## Individual Independent Projects (Lesson 12, Culminating Lesson)

Students will plan, gather research materials and create a project of their choice. In doing so student will learn proper research methods (i.e., reliable sources) and how to categorize and translate information. In addition students will become comfortable and familiar presenting information to others. Lastly, students will also learn how to create a rubric for self evaluation.

The purpose of this lesson is to allow students to choose an area of interest regarding solar power and research it further in a manner of their choice. Students will produce a final product to display or share at the “Salute to the Sun” culminating event at the end of the school year. View full description >>

## Insulation (Lesson 9)

Students will learn that they can increase the temperature inside of their solar ovens with insulation. Students will determine what makes a good insulator. Students will make observations about different types of insulators. Students will discuss real world examples of insulators.

Students will learn about the importance of insulation in a solar oven. They will use their own background knowledge, as well as observations of insulation used to contain thermal energy, and determine how this will be incorporated into solar ovens. View full description >>

## Integrating Solar Power (Lesson 5)

Students will create voltage regulator and construct a solar battery charger.

At this point students should have a working robotic sunflower that will track the sun with 2 degrees of freedom. This next lesson powers the whole system with a photovoltaic module. A Zener diode is used to charge a 6V motorcycle battery which then supplies a voltage regulator which in turn supplies the 5V needed by the microprocessor. View full description >>

## Introduction to Circuits (Lesson 2)

By the end of these two lessons students should be able to:

1. Create a simple circuit on their own when given the appropriate materials.

2. Diagram the flow of electrons within a circuit.

3. Differentiate between series and parallel circuits.

This lesson begins with students having hands-on experiences creating electrical circuits using a battery, wires, and a light bulb. Students will learn that electricity is the flow of electrons, and how

## Introduction to Energy (Lesson 1)

• Students will be able to name and describe at least 5 kinds of energy

• Students will be able to identify and explain simple energy transformations

This lesson will introduce students to each of the different types of energy using PowerPoint slides, partner activities, and hands-on experiences with different kinds of energy including: batteries (chemical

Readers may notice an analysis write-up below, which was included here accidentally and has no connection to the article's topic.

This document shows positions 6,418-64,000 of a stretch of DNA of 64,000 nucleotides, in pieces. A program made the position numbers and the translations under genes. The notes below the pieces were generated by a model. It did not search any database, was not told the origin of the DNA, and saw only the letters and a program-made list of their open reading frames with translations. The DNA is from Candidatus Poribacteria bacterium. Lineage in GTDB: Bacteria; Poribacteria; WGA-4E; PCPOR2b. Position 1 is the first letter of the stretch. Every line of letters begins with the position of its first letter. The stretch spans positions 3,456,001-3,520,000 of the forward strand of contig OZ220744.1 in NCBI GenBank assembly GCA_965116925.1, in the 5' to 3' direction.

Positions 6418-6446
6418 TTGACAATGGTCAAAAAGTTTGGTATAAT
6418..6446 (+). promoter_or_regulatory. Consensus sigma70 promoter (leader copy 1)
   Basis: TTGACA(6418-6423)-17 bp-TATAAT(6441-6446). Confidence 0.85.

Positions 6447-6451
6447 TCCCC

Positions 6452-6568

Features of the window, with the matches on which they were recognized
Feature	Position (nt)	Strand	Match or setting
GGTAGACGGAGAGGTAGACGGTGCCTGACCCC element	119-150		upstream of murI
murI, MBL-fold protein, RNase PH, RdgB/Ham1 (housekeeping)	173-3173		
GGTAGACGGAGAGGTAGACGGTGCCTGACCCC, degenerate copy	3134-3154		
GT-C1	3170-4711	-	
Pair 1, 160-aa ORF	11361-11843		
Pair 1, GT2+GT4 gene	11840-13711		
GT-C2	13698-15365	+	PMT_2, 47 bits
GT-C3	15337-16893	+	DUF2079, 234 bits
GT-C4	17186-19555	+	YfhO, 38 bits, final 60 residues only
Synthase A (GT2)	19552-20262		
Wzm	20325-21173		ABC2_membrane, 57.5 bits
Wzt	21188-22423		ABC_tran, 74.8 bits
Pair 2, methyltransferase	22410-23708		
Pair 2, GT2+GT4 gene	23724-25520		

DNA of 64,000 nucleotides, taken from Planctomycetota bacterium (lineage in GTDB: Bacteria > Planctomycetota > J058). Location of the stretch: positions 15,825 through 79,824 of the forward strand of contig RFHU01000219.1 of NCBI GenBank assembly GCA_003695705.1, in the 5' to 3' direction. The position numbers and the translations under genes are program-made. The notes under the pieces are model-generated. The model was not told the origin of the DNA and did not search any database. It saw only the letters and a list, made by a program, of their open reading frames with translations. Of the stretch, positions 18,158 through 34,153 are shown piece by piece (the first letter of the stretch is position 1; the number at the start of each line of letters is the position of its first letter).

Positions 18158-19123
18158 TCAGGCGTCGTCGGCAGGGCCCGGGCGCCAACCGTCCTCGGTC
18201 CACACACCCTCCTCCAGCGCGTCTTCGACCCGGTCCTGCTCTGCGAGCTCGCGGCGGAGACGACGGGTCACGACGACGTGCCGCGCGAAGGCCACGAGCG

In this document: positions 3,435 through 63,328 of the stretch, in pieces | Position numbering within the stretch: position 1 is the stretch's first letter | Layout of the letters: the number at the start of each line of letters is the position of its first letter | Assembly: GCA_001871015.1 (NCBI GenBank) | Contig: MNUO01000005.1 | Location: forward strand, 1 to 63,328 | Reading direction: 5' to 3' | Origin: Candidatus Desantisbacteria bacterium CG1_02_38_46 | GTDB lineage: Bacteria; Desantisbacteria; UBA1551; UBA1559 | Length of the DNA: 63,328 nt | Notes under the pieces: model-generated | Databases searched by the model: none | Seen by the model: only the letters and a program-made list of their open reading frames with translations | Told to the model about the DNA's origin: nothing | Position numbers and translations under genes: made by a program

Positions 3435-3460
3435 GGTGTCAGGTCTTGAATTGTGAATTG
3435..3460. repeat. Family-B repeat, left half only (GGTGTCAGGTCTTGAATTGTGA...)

## Introduction to the Photovoltaic Effect (Lesson 1)

Students will be able to describe the basic structure of a photovoltaic solar cell. Students will be able to outline or summarize how solar cells produce electricity. Students will be able to explain why silicon, boron and phosphorous are most often used to construct solar cells.

This lesson begins with basic chemistry with regards to atomic structure. The lesson then moves to understanding the special properties of silicon as a photoelectric semi- conductor. Building on this, the basic structure of photovoltaic solar cells is described in detail. View full description >>

## Lerato Cooks Up a Plan (Lesson 7)

Students will identify a real world problem that can be solved using solar energy. Students determine how the sun can be harnessed without generating electricity from it.

The teacher will begin reading aloud the realistic fiction book, “Lerato Cooks Up a Plan” from Engineering is Elementary. In this book, a young girl from Botswana learns science ideas that help her design a solar oven for her family. Students will reflect on the story in their notebooks. View full description >>

## Lesson 1: When the Grid Goes Down and Stays Down

Students will understand the general structure of an energy grid

Students will develop an understanding of the living conditions in Puerto Rico after Hurricane Maria

Students will collaborate to brainstorm needs to support safety, health and comfort in a natural disaster setting.

Students will identify energy resources that one might desire to have in order meet the needs they identify.

Through an examination of media published in the five months following Hurricane Maria in 2017, students will develop an understanding of the electrical grid, the vulnerabilities of a grid system, and the

## Lesson 2: Developing a Model of Thermal Energy, Atoms, and Molecules

Students will develop a model through collaborative inquiry to explain thermal kinetic energy and predict the outcome when heat is added to a substance.

Students will build argumentation from evidence skills through collaborative sense-making and gallery walk presentations.

Students will develop a model of atomic and molecular structures.

Through a series of exploration and inquiry activities, students will explain kinetic molecular theory, atomic, and molecular structures. Students will be challenged to gradually increase the precision of

## Lesson 3: Fuels and PV Cells

Students explore the conservation of mass in chemical reactions by observing and modeling combustion reactions and exploring the essential question/phenomena, “is all fire the same?”

Students will use information resources and a 3D model of a PV cell to understand how solar modules generate electricity. “How do PV cells make electricity?”

Students will construct circuits to explore PV modules and variables involved in powering devices.

Students evaluate, revise, and justify the energy resources suggested on an emergency preparedness supply list.

Students will return to the phenomena of energy resources to support safety, health, and comfort in an emergency situation. They will distinguish between how common materials provide energy and develop an